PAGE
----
By Chris Kelly
The Department of Health and Human Services’ Office of the Inspector General (“OIG”) has released its “work plan” for 2017. The OIG is the policing arm of Medicare, and they issue this annual report to itemize and explain the areas of Medicare compliance that they intend to investigate in the coming year. As usual, there is a section in the work plan dedicated to ambulance services, but it may not be what you think.
In past years the OIG has almost always mentioned non-emergent ambulance transports in the work plan, usually specifically mentioning repetitive non-emergent transports of dialysis patients. But for 2017, there is no mention of dialysis patients, or non-emergent transports at all. Maybe that is because the new, and soon to be nation-wide, prior approval process of repetitive non-emergent transports is designed to rectify any issues with dialysis patients. But whatever the reason, this year, the focus is on ALS services. The only ambulance related piece of the OIG work plan says:
“Prior OIG work found that Medicare made inappropriate payments for advanced life support emergency transports. We will determine whether Medicare payments for ambulance services were made in accordance with Medicare requirements.”
What are these “Medicare requirements” of which they are concerned? ALS level 1 emergencies (code A0427) can be billed on one of two bases: ALS level of care provided, or ALS assessment. ALS care is defined as: “An advanced life support (ALS) intervention is a procedure that is in accordance with State and local laws, required to be done by an emergency medical technician-intermediate (EMT-Intermediate) or EMT-Paramedic.” ALS assessment is defined as: “An advanced life support (ALS) assessment is an assessment performed by an ALS crew as part of an emergency response that was necessary because the patient’s reported condition at the time of dispatch was such that only an ALS crew was qualified to perform the assessment.” And then the final issue is determining whether the call should be an emergency or non-emergency: “When medically necessary, the provision of ALS1 services, as specified above, in the context of an emergency response. An emergency response is one that, at the time the ambulance provider or supplier is called, it responds immediately. An immediate response is one in which the ambulance provider/supplier begins as quickly as possible to take the steps necessary to respond to the call.”
So, there are several things that the OIG, and other Medicare auditors, will be looking for:
- First, was there an ALS assessment or intervention done? Just checking a box that says an ALS assessment was performed is not going to be enough, all assessments and interventions need to be clearly and specifically documented.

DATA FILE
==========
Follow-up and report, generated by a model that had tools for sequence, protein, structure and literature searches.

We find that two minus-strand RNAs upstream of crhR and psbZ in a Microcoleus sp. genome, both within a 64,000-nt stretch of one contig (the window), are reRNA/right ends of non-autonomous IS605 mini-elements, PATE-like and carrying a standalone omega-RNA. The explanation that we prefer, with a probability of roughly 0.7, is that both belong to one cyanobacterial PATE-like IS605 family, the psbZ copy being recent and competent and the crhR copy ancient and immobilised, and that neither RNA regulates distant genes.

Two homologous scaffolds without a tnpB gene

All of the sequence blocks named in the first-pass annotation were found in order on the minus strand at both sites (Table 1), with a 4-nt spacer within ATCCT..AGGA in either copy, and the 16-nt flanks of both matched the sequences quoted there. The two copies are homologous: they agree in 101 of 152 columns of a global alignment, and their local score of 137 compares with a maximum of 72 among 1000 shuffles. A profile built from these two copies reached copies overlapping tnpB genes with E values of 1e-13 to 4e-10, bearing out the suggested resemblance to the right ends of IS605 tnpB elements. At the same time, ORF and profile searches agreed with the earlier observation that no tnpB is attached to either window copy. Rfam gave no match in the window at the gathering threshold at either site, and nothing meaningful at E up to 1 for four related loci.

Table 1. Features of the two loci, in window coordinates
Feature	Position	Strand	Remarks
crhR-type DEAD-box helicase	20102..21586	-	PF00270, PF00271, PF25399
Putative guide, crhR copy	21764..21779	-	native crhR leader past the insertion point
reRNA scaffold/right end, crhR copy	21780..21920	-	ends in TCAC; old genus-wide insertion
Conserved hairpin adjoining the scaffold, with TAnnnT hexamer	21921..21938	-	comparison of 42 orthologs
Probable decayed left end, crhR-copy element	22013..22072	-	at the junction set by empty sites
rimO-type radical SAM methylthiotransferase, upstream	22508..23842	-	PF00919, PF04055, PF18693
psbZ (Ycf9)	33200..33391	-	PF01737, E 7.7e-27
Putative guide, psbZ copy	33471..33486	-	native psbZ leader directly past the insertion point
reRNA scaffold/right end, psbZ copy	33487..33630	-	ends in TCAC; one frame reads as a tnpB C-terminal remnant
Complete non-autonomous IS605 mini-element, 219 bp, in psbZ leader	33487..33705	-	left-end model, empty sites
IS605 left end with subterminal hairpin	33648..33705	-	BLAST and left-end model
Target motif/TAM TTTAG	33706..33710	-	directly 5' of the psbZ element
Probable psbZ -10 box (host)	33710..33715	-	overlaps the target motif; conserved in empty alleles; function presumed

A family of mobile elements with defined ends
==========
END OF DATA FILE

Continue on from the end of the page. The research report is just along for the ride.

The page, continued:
- Second, was the intervention “required” or was the assessment “necessary”? The necessity of ALS service will be scrutinized. There is a belief that often ALS assessments or interventions are done as a matter of policy, not necessity. Medicare does not care if you perform ALS assessments on every patient if it is your company policy to do so, they only care whether you bill them for it or not. If the claim is billed as ALS, they will want to see why it was necessary for that level of service to have been performed.
- Third, was the claim a true emergency? CMS looks for two things in an emergency; was the call the type that required an immediate response (did the nature of the complaint justify an emergency response) and did the ambulance service in fact respond immediately. If these two items are in place, then they will pay for the higher “emergent” level of service.
Keep these three points in mind as you review your crew documentation and billing/coding practices. Also, please note that I am not saying that these points are all as cut-and-dry as I outline them above, there is some room for argument in much of how ambulance claims are coded. But, I promise you that these are the points that the OIG and auditors will be looking for, so it is in your best interest to have them documented well!
Christopher Kelly is an attorney who focuses on federal laws and regulations as they relate to the healthcare providers and specifically to the ambulance industry. Chris lectures and advises EMS service clients across the U.S. This article is not intended to be legal advice, for more information or specific questions, Chris can be reached at firstname.lastname@example.org.